Friday, July 31, 2015

Poor Acting

For the past two years, New Jersey has not had an Attorney General. John Hoffman was elevated to the post of Acting Attorney General when Governor Christie appointed Jeff Chiesa to the United States Senate to fill the seat of Frank Lautenberg.
The Attorney General is supposed to be the people's top government attorney, not the governor's. The Governor has his own chief counsel whose office is in the same State House suite as Christie's.

Government is based on checks and balances, and in New Jersey the Senate vets the governor's nominee for AG. But Christie has circumvented the state constitution by leaving Hoffman in the acting position for far too long.

Hoffman's lack of concern for the people he is supposed to be working for is exemplified by his stubborn defense of the Exxon Mobil giveaway settlement. Instead of defending the governor's blunder, he should be advocating for the people and the environment in New Jersey.

In many states, the people elect the Attorney General. But that's not the solution to our problem. With money rather than principle being the prime factor in our electoral process, an elected AG would turn into an auction, with the job going to the highest bidder.

Governor Christie should obey the letter and the spirit of the state constitution and submit a nominee to the state senate for vetting. Whether it's Hoffman or someone else, the nominee would receive a hearing and be questioned by both parties. Public input would also be part of the process. That's the way the system is supposed to work.  At least that's how it should work for a chief executive who respects the constitution and the rule of law.

originally posted on BlueJersey.com

Thursday, May 7, 2015

Too Big to Sue?

After the New Jersey Department of Environmental Protection proposed an eight-billion dollar lawsuit based on Exxon's despoiling of numerous sites in New Jersey, the Christie administration is pushing through a $225 million settlement - less than three cents on the dollar - ending any future remediation or consideration for Exxon's pollution.

Today, Assemblyman John McKeon, chair of the Assembly Judiciary Committee, held a hearing to gather facts to try to determine if this settlement is in the best interests of the public.

While such a low cash settlement without much public discussion may seem odd, it makes sense if you look at it through the lens of Governor Christie's political aspirations. Settling for the low number now, and channeling most of that money into the general fund,  provides Christie with another one-shot gimmick to enable him to boast of a balanced budget, even though that goal is constitutionally required. Waiting for prolonged litigation to force Exxon to pay its fair share would not help Christie, who will be long out of office by the time the lawsuits are settled.

Most of the key players in the Exxon giveaway were invited to provide comments. Exxon declined. Acting Attorney General John Hoffman declined. Department of Environmental Protection Commissioner Bob Martin declined. While all gave as a reason the pending lawsuit, the Christie administration's actions in most issues like this have never been transparent.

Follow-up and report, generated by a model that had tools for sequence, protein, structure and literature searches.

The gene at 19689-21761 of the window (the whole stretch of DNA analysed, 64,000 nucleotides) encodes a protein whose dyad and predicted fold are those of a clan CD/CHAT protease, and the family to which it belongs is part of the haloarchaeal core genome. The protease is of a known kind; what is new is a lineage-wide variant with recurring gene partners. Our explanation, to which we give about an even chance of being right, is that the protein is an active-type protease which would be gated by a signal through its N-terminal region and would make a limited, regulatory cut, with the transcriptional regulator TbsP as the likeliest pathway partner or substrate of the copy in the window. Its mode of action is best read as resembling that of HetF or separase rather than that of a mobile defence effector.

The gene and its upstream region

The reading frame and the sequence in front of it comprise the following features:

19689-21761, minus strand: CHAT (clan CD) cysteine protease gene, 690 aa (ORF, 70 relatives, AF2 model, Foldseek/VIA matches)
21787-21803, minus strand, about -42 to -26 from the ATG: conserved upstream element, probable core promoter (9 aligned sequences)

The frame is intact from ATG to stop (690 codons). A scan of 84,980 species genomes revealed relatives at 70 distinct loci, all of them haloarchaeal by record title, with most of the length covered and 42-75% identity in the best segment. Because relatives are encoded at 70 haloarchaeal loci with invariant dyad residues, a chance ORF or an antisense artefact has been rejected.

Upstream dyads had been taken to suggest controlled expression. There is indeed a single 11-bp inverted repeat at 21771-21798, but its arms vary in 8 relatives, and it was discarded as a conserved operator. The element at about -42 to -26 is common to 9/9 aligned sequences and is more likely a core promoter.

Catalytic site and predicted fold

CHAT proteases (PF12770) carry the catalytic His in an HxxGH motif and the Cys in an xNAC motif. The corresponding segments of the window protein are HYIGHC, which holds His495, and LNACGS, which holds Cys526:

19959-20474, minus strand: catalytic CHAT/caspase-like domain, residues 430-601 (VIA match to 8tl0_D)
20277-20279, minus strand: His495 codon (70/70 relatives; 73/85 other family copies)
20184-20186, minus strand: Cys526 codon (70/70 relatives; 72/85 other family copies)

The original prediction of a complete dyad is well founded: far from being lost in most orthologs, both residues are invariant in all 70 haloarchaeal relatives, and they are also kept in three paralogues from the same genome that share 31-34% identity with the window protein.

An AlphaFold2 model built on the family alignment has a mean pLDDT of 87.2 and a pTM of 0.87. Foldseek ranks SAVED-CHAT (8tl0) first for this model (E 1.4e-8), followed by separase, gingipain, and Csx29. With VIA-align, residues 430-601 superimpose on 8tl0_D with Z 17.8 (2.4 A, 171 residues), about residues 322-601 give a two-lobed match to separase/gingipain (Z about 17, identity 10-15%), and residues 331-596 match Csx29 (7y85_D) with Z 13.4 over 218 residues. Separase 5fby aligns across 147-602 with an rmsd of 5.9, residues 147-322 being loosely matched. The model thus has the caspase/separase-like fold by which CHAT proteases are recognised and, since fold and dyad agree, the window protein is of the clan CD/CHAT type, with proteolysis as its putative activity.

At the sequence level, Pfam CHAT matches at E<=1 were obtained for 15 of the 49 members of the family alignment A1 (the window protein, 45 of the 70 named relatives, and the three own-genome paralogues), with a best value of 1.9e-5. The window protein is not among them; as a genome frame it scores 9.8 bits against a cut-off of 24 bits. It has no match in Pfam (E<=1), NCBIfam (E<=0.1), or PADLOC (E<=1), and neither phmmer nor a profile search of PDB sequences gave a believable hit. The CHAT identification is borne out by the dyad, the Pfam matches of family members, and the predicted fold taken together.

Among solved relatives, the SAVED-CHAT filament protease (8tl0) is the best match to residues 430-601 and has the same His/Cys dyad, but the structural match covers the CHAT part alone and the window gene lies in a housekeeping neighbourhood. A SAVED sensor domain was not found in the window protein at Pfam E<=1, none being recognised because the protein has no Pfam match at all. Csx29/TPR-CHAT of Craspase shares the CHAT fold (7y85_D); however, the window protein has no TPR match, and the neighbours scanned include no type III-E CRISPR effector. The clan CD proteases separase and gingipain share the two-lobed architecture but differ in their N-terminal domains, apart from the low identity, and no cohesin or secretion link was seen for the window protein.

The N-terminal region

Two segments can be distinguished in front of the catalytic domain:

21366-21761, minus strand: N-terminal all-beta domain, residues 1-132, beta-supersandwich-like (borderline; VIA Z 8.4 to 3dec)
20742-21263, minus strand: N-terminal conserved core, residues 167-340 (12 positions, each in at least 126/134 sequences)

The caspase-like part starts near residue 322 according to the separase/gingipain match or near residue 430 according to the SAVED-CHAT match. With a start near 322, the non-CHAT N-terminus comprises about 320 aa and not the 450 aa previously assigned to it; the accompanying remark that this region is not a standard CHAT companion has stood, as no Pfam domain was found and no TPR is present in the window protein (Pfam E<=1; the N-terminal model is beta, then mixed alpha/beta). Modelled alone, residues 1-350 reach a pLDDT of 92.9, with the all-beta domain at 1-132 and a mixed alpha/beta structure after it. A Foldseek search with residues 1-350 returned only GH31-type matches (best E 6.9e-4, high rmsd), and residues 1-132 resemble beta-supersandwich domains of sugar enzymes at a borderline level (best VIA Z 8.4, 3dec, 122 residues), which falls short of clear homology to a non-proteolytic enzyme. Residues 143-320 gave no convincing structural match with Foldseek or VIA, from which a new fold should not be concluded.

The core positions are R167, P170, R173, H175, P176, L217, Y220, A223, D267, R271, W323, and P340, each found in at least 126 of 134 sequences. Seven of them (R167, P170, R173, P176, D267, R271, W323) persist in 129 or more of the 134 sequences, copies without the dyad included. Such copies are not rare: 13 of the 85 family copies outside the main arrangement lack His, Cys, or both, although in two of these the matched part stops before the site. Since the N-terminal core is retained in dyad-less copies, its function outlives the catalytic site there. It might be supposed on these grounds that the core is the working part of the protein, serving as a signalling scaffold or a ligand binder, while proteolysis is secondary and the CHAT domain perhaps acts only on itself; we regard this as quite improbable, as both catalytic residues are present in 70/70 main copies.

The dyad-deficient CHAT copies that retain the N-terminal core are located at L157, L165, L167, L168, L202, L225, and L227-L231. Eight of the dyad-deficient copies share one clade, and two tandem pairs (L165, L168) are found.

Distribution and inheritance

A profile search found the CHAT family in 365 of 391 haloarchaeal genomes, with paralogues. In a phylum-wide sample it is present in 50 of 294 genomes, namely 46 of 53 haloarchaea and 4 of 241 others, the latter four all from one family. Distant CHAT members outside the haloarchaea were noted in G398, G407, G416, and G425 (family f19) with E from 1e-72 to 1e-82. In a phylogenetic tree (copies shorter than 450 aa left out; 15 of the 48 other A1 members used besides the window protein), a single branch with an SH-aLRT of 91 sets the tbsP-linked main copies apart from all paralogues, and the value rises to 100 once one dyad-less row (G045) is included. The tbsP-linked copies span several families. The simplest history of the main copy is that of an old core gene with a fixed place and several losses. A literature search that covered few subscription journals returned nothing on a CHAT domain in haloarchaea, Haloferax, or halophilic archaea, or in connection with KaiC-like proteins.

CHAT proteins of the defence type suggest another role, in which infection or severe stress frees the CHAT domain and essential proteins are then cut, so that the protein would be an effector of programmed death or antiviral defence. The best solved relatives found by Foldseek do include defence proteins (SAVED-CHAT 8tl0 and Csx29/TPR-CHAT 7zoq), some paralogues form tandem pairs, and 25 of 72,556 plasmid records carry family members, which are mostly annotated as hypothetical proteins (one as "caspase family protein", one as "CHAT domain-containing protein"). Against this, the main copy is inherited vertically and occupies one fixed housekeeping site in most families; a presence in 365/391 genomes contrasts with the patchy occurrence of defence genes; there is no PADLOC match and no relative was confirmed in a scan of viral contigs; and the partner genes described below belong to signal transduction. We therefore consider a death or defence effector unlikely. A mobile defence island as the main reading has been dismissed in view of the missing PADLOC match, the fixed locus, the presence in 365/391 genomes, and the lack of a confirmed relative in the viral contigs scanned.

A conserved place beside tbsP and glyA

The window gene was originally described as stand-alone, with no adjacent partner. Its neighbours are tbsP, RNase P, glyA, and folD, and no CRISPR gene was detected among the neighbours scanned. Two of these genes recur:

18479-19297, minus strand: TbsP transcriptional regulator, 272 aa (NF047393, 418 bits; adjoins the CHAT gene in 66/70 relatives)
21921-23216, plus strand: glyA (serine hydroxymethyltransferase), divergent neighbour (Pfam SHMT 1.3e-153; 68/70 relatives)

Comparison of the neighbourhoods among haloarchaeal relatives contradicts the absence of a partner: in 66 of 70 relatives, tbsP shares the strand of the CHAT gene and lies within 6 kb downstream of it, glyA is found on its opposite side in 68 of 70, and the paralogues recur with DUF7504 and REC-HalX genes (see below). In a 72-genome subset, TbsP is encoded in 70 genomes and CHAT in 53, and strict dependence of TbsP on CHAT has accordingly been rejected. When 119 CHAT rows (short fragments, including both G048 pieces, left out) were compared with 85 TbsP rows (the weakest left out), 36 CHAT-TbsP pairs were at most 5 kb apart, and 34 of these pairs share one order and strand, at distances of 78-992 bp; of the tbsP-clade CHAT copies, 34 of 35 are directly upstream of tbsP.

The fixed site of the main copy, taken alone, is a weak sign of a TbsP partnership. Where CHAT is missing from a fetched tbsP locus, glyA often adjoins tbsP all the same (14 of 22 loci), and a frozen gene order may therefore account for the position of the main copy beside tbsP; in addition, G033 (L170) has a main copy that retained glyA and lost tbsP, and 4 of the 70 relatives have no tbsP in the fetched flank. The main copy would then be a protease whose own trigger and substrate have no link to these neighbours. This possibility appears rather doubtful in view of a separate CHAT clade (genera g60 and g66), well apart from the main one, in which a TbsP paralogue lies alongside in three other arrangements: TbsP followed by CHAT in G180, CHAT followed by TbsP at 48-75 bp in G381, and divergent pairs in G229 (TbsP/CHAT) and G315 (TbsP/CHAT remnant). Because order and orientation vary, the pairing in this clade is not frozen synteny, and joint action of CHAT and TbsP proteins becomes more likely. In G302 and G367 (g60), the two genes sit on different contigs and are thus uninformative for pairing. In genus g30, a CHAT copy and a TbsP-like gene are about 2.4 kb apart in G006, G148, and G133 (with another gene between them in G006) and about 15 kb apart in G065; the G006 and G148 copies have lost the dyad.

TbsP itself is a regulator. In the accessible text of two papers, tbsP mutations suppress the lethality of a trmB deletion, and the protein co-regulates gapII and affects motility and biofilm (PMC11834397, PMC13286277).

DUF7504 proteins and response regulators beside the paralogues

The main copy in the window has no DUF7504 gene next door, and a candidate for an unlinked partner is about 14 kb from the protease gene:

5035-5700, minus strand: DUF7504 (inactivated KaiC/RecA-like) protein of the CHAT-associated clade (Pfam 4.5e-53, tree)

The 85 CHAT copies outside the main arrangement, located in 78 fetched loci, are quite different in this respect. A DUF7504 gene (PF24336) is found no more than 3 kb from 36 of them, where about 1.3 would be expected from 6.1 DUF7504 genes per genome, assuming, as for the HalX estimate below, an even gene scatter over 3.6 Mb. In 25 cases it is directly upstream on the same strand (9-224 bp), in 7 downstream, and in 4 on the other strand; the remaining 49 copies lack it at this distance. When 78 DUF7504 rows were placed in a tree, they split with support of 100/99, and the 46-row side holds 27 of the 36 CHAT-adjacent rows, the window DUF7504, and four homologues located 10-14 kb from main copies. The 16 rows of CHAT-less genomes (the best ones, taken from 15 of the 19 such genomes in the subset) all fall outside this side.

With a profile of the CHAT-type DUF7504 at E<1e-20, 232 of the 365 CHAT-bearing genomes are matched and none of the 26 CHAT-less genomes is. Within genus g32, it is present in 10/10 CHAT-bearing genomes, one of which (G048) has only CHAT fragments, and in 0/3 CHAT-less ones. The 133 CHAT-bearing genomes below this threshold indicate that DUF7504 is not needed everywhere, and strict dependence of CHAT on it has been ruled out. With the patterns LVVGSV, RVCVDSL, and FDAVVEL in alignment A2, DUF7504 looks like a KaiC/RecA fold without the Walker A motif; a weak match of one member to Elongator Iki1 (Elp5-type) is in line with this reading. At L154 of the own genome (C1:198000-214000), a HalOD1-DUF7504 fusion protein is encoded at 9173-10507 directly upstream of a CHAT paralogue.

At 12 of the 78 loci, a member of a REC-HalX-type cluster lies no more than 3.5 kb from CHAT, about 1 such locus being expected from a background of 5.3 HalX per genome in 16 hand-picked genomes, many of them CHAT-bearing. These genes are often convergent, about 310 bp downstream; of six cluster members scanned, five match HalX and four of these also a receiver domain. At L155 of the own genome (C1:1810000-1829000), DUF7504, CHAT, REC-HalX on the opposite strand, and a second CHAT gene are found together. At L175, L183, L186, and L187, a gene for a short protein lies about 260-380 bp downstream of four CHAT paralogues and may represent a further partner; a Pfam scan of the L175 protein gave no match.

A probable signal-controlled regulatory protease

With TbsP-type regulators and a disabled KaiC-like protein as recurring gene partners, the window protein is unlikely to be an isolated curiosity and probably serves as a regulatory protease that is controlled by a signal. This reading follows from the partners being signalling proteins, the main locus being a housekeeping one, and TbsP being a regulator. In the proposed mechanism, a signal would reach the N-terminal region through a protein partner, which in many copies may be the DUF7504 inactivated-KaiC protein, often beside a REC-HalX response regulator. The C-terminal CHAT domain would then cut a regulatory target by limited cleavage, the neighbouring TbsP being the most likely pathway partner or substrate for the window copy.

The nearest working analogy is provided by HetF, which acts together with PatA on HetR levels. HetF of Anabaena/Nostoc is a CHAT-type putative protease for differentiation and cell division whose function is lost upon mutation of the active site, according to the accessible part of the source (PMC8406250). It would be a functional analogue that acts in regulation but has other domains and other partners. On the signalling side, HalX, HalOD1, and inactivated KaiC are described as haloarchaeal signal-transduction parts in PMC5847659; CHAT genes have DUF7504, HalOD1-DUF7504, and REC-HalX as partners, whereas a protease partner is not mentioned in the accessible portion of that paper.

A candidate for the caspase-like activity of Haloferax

As Assembly McKeon pointed out, not only has the proposed monetary award been drastically reduced, but many more polluted properties have been added to the settlement. Some of this information is just coming out right now, and with only a month left in the public comment period, that is a concern.

Further clouding the issue is Governor Christie's repeated grandiloquence at his taxpayer-funded political rallies stating that Exxon will pay every penny that is required to clean up the sites. As with most of Christie's pronouncements, there is a grain of truth here, but only a grain in a silo-full of problems. What Christie ignores is what the lawyers call Natural Resource Damages (NRDs). It's one thing for Exxon to put a layer of dirt on top of a polluted site, but NRD settlements compensate citizens and the state for damages to wetlands, wildlife, and water tables that are caused by the polluters, and requires a more robust (and expensive) cleanup. Otherwise, another hurricane or other disaster could breech inadequate protection, and environmental problems are back. Assemblyman McKeon pointed out that under Governor Corzine, there were 150 NRD settlements - under Christie only one.

Carrying the (somewhat polluted) water for the Christie administration at the hearing was Assemblywoman Holly Schepisi. She started off with an incredulous rhetorical questions - why are we (the legislature) trying to second-guess the work of the experts in the DEP involved in the settlement? She and her Republican colleague, Assemblyman Michael Patrick Carroll, repeatedly referred to other drawn-out lawsuits involving Exxon and wondered if holding out for a better settlement for the taxpayers over the longer term was the correct strategy.

Settling for this relative small sum not only is detrimental to future generations in New Jersey, but as Assemblyman McKeon points out, it sets a bad precedent for bad actors in the future.